Why don’t you tell me what’s going on?
One of the reasons that the USC football team has problems adjusting to the adversity of raucous crowds on the road is because the USC athletic administration eradicated the familiarity of performing under adverse conditions during the spring of 2006.
Perhaps some football fans can remember how the Coliseum was “rockin’ and rollin’” during the 2005 USC-Fresno State game. Fresno State had brought a sizable fan base, which was primarily seated in the west end zone visitor section.
Following USC’s loss to Texas in the 2006 Rose Bowl, major changes were made in seating arrangements. To suppress the voices of the opponents, the visiting band and visitor seating section were moved from the west end zone to the upper wasteland corner next to the east end peristyle — far beyond the perimeters of the field.
Without getting input from the very students whose tuition paid their salaries, the athletic administration and Office of Student Affairs exiled the marching band from its seats in the student section to the east end zone bleachers (aka, the sun deck) to be separated and isolated from the very students and fan base it was supposed to be leading, so that the band, with amplification, could “drown out the opposing team’s fans and band,” which were now seated beyond the perimeters of the field anyway.
After filling the vacated band seats with students moved from other levels, the athletic administration then raised the price of the student activity card and offered the vacated student seats to prospective financial donors. By the time student government was notified, the seats had already been sold. (USC students were expected to subsidize their own discrimination.) It was all about exploiting the severed relationship between the student community and the band. Money was more important than self-esteem.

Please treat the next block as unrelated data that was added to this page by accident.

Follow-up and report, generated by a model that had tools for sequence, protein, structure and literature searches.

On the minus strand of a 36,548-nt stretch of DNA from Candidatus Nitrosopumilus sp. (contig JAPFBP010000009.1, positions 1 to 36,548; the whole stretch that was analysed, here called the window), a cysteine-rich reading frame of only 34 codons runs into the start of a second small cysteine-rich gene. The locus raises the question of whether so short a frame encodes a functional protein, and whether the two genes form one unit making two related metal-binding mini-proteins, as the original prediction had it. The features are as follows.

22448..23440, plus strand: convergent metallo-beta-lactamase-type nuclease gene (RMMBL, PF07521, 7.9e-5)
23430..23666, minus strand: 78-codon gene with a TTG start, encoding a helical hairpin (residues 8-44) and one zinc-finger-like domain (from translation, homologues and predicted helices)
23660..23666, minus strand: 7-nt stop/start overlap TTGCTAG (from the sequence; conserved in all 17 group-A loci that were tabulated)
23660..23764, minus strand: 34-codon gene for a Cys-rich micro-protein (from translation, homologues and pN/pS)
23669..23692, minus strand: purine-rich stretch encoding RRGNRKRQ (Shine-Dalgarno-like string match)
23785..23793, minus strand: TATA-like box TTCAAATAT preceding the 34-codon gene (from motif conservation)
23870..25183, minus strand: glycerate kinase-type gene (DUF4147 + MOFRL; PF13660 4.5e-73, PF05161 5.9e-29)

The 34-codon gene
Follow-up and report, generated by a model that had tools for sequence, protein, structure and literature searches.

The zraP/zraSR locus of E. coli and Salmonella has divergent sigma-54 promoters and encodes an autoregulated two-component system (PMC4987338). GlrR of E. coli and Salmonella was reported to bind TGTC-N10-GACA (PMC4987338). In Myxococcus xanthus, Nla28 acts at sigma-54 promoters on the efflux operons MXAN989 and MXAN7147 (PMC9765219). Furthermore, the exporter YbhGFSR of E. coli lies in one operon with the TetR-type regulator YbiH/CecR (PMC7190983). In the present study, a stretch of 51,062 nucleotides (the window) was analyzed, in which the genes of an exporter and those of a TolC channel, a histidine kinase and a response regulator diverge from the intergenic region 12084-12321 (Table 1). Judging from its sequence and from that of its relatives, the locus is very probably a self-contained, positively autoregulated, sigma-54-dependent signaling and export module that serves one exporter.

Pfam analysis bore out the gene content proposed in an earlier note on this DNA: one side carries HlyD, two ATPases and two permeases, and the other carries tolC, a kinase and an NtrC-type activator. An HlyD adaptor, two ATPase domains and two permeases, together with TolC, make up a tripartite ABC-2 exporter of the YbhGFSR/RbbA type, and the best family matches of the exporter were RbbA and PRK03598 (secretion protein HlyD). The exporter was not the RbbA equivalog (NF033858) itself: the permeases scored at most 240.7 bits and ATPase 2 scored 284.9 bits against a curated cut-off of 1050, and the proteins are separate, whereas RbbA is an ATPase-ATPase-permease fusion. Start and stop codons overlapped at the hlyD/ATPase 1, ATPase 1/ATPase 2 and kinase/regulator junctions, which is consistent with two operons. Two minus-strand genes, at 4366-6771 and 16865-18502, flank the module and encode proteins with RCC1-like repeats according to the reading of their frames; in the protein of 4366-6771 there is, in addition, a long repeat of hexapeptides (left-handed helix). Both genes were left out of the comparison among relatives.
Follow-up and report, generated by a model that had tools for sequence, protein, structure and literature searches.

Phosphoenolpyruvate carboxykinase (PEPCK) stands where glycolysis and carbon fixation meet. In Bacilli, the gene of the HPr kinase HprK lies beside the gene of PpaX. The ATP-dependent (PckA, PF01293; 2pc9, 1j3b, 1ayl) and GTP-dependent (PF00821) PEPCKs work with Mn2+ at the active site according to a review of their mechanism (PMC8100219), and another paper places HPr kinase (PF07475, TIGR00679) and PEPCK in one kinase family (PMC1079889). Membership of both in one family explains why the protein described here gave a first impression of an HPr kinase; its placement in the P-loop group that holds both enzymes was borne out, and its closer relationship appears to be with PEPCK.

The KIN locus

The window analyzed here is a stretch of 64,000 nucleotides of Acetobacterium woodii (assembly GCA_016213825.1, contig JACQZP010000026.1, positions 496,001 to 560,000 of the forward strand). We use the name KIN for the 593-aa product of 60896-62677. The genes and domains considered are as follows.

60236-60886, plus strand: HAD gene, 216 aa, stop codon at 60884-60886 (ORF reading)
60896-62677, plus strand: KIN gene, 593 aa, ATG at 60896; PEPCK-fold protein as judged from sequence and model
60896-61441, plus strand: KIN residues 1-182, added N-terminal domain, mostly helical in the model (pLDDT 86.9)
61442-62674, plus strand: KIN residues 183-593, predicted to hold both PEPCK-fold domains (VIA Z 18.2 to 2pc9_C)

I warned Athletic Director Mike Garrett and USC Marching Band Director Art Bartner that severing the relationship between the student community and the band would create an atmosphere of detachment and ineffectiveness, thus eliminating the 12th-man advantage. I spoke from experience, because the same thing had happened at my undergraduate alma mater five years prior. (My alma mater has since moved the band back to its seats in the stands.)
The band’s amplification is now so tinny, piercing and out-of-sync by the time it hits the student section and seats farther west that it makes Trojan fans want to leave the arena due to headaches — and NOT cheer along — and the band’s sound remains out of sync with the routines being performed by the Song Girls in front of the main student section. If the band needs to be amplified so that its sound reaches the main student cheering section, then perhaps the band shouldn’t have been separated from the student body in the first place.
All of these changes eliminated the rock ‘n’ roll atmosphere that used to be enjoyed in the Coliseum and, instead, created a strange, antiseptic melee that can’t properly prepare the team for raucous crowds on the road.
Those rockin’ and rollin’ times could return to the Coliseum and the football team could be better prepared for adverse conditions on the road, if the athletic administration would admit its mistake and do its best to correct the situation. It’s that simple.
Doctorate student studying musical arts